What happened if you fell sick in the classical world? This book looks at beliefs about the inside of the body and its functioning held in Greek and Roman society. It looks at the precarious position of the doctor in a culture where there was no set training and no form of qualification to prove the value of his treatments, and asks how a patient would respond to the different types of healing on offer. It discusses the medical practitioners, their ethical codes, and relationships with other areas of healing, such as religion. As well as covering the 'big names' of ancient medicine, such as Galen, the book considers the patients' experience, asking whether the drugs used would have worked, and explains how the theories doctors put forward were part of an attempt to account for symptoms and encourage a cure. The final chapters explore the later influence of ancient medicine, and the challenges to its authority posed by modern medicine.This is the first concise yet comprehensive and up-to-date study of Greek and Roman medicine, aimed at the non-specialist and written in a lively, engaging style. (8 illustrations)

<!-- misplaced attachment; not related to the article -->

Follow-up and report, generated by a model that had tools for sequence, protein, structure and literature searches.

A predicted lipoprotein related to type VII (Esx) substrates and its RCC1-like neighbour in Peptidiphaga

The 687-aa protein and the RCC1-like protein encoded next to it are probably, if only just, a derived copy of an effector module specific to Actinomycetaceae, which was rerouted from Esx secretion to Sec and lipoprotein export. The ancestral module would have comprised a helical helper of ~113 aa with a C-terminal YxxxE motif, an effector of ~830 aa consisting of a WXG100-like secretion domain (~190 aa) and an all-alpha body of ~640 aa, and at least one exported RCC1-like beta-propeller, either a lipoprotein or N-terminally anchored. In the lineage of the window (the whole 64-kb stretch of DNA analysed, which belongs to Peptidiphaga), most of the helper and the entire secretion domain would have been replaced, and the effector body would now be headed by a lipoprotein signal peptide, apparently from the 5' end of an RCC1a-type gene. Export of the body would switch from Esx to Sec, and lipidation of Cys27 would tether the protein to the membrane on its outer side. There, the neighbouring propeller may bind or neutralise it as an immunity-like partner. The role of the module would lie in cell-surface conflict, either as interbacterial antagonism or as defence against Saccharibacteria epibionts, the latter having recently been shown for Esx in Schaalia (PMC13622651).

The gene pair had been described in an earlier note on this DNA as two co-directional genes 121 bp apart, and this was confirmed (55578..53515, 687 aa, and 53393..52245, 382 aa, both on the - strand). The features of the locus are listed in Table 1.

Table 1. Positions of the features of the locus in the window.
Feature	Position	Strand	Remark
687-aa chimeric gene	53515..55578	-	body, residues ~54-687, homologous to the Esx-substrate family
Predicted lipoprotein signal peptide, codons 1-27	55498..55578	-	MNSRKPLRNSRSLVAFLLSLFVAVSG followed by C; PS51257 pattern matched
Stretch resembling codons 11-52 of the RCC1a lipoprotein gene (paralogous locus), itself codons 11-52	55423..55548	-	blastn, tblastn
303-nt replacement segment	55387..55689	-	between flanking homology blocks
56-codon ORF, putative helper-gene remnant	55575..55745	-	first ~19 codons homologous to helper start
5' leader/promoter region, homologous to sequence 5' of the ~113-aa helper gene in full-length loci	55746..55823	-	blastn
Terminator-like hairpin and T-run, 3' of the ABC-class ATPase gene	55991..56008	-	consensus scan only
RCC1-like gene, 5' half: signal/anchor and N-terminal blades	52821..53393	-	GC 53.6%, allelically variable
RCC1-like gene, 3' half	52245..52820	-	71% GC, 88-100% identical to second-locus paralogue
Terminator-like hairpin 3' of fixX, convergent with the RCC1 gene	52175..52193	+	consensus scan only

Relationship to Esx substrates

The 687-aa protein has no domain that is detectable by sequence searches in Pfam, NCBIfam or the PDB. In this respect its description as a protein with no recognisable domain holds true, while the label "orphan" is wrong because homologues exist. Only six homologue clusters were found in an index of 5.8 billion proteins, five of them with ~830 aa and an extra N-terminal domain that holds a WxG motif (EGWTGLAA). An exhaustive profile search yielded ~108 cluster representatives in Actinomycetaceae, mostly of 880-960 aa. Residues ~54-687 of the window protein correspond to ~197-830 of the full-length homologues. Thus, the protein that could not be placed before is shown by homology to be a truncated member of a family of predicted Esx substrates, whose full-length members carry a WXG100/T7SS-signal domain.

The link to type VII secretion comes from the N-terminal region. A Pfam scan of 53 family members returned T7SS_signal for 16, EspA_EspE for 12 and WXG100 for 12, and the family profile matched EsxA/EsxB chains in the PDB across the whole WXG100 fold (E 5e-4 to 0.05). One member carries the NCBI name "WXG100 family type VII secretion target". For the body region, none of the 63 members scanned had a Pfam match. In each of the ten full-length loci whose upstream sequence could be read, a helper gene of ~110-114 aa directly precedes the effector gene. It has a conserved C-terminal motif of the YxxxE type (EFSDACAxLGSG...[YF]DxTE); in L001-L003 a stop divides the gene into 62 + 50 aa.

About the Author:
Helen King is Professor of Classical Studies at the Open University.